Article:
Autoimmune Disease Management 101: Fighting Back

Compatibility Issues Between Caregivers and Seniors: What You Can Do to Help

Hiring in-home senior care for an elderly relative is commonplace. However, you may find that your elderly relative does not seem to get along with a lot of people. Trying to find caregivers with whom your elderly relative is compatible is a difficult process. Yet, there are a few things you can do to find the help you and your relative need without causing regular rounds of strife. 

Screen the Applicants

If you hire private in-home care, you can screen the applicants who come for the job. You already know enough about your elderly relative to know what they like, what they like to do, and their typical routines. Based in this information, you can screen applicants who may have similar interests, hobbies, and like going to the places your relative likes to go (e.g., the park, specific restaurants, certain stores for shopping and grocery needs, etc.).

If you hire an agency, you still have some say in who takes care of you family member. The agency staff can be interviewed by you before they start. Then you can make special requests of the agency to send only those staff of which you approve. 

Create Helpful Hints Lists and Expected Job Duties

Nursing staff come into homes knowing only a little bit about the people they provide care for. They gradually learn more about their clients and patients as the work continues. Most nurses and nursing assistants, however, will tell you that it is an immense help to have more information about the persons they are working with.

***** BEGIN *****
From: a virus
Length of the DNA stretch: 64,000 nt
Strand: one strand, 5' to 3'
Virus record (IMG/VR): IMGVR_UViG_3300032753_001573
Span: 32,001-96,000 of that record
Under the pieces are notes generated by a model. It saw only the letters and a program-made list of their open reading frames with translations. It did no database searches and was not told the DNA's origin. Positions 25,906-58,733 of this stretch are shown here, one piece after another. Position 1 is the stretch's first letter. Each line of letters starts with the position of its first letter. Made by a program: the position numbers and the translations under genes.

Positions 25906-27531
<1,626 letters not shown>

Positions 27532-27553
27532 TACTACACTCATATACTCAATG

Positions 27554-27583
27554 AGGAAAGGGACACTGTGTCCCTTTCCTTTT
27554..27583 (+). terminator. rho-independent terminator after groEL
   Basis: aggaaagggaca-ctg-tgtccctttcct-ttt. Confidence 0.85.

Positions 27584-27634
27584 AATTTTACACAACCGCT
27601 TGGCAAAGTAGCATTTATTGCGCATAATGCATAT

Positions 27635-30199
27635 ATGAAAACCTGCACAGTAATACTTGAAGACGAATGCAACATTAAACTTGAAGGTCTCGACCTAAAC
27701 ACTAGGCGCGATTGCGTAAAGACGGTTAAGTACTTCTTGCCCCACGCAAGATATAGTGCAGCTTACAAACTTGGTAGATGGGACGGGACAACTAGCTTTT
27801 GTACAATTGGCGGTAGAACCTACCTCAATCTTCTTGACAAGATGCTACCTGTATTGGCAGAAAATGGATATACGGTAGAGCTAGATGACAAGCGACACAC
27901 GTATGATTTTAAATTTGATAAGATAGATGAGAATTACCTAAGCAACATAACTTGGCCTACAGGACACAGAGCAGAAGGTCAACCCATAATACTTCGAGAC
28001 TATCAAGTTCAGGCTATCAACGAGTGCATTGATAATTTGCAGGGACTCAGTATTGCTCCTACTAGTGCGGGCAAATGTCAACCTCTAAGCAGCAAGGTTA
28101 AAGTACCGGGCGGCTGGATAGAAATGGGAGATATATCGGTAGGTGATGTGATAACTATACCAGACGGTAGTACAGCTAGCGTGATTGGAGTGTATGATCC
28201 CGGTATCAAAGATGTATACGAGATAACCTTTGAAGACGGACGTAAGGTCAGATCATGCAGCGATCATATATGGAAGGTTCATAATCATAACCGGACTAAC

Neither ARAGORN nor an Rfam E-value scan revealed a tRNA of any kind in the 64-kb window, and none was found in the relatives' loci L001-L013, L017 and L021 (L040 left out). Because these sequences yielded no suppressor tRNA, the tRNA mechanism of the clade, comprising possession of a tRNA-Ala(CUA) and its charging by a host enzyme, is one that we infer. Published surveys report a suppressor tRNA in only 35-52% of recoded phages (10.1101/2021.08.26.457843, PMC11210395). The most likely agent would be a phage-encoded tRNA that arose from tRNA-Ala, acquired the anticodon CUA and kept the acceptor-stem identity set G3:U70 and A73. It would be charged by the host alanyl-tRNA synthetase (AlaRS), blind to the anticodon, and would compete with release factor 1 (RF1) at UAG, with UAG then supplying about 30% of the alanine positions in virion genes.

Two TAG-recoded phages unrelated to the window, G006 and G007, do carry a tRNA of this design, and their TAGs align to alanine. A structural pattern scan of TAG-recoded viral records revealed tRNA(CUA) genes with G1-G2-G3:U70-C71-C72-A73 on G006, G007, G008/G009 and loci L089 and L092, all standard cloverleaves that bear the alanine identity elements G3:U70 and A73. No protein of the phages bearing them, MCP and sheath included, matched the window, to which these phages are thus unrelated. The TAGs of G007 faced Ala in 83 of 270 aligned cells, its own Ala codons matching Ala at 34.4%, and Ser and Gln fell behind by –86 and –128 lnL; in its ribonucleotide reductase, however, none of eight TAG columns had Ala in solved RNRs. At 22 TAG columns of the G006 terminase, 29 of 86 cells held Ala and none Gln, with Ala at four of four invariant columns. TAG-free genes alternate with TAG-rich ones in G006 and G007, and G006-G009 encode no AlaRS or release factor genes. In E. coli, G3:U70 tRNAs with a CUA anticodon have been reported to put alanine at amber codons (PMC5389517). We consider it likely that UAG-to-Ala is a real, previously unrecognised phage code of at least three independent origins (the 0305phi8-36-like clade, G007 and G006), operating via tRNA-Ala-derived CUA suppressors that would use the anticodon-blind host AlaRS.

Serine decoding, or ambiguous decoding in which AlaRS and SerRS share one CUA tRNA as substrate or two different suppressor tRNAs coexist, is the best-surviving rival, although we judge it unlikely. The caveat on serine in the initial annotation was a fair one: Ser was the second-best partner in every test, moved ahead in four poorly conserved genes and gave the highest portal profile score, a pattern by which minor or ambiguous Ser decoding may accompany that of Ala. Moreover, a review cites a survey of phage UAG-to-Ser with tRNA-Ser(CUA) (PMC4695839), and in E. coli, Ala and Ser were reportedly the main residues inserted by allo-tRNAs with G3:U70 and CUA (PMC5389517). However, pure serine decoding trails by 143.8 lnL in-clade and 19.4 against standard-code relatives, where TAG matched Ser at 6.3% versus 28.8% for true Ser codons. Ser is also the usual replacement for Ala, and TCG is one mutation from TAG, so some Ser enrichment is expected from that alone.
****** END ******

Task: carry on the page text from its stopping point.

Making "helpful hints" and "expected job duties" lists and filing them in a binder you keep at your relative's house is an excellent idea. That way, you will have fewer confrontational issues between staff and your relative. You will also have fewer phone calls asking you what to do in certain situations.

Serious Issues Need to End

If your relative gets particularly aggressive, belligerent, or combative with one staff, that staff may have to be reassigned. It is not worth the risk to the staff person or to your relative to have that kind of behavior continue. Eventually, someone would get hurt and not because anyone would intentionally harm the other person. Take out that risk by choosing to bring in a different staff person who would be more compatible with your loved one. 

To learn more about what to look for in a caregiver and how a caregiver might be able to help you or a loved one, visit